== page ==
The time that a leader spends with their team is the most crucial time that happens in an organization. The information discussed in the meetings and the decisions made in them have far-reaching impacts for both the employees and the organization. Wise leaders enhance their leadership by mastering both one-on-one meetings and team meetings.
Every business and organization conducts some form of meetings. However, does your organization have the right meetings at the right times? Too many leaders treat every meeting the same, but in reality, there are at least five different types of meetings that every organization needs to regularly hold and that the CEO needs to master.
5 critical meetings for your company that you must master
In fact, organizations and leaders lose effectiveness by holding ineffective and unproductive meetings. Employees lose interest and become disengaged and frustrated with the information that is shared or covered in the meeting. Additionally, when teams are frequently engaged in unproductive meetings, it prevents employees from doing the productive work to build a thriving organization.
Effective organizations and leaders conduct five types of meetings. Because there is a clear purpose behind each type of meeting, employees are more productive, teams are more focused, and the organization can achieve better overall results.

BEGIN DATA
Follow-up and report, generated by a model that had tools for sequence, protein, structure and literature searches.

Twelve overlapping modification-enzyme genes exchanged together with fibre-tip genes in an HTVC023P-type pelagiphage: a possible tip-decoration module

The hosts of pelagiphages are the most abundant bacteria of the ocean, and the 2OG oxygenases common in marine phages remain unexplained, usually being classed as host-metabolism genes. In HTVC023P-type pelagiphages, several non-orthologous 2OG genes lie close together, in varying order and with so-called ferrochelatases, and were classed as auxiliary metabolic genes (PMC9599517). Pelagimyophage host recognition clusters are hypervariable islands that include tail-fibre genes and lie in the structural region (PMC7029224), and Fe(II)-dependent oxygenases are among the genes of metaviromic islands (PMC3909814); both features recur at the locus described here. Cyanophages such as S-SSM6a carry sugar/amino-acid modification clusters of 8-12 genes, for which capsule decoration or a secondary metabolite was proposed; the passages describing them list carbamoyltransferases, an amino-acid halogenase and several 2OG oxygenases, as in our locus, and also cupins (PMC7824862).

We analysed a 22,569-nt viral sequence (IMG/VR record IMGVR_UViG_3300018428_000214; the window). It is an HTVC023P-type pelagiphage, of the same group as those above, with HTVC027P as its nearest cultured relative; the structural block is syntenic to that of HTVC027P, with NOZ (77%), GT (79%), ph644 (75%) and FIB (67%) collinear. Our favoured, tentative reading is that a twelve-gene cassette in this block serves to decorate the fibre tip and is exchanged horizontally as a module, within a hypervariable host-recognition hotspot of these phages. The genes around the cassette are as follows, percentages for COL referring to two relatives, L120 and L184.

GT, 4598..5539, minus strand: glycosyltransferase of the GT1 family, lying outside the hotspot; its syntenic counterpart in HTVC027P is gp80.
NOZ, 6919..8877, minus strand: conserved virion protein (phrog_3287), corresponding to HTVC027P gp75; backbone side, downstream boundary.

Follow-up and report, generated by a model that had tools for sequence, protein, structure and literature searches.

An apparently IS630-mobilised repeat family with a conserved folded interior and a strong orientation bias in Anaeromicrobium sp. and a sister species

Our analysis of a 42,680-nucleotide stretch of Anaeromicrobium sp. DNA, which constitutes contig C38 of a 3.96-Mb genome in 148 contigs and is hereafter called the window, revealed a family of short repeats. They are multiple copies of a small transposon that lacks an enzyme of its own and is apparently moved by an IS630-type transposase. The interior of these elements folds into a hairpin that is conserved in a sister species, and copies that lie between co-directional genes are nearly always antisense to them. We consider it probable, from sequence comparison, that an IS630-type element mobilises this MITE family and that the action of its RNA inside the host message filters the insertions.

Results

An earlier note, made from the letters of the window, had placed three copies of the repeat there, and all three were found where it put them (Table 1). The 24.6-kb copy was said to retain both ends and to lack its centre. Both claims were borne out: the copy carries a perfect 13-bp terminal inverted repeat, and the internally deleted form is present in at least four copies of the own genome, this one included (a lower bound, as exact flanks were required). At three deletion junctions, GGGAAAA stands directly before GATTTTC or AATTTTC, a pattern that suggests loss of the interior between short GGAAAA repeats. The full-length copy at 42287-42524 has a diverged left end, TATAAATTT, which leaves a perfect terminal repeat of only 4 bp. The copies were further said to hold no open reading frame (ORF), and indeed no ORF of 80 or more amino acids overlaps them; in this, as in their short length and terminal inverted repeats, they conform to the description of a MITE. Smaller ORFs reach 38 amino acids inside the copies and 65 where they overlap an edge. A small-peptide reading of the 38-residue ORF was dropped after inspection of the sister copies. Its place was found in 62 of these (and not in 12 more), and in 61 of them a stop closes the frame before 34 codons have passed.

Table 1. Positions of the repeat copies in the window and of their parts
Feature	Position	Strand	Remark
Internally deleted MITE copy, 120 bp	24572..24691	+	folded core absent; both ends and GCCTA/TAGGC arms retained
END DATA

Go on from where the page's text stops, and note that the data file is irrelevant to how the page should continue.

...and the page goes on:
1. Accountability meetings
The most productive meetings are purposeful. Team members understand the purpose of the meeting and the information that should be shared in the meeting.
Accountability meetings are a way to enhance clarity and for team members to be in agreement on projects and tasks so things get done on time and under budget. If you are uncomfortable with the term “accountability,” call them “clarity” meetings instead. Teams and organizations need clarity to succeed.
Every great leader should establish accountability/clarity meetings where they have an opportunity to see how well a team member or a task force is completing their assignment and resolve roadblocks. These meetings can be brief, but they must be scheduled at regular times throughout a task or project. Meetings can be a quick stand-up or brief check-in where employees share key updates or issues that are essential to the success of the project.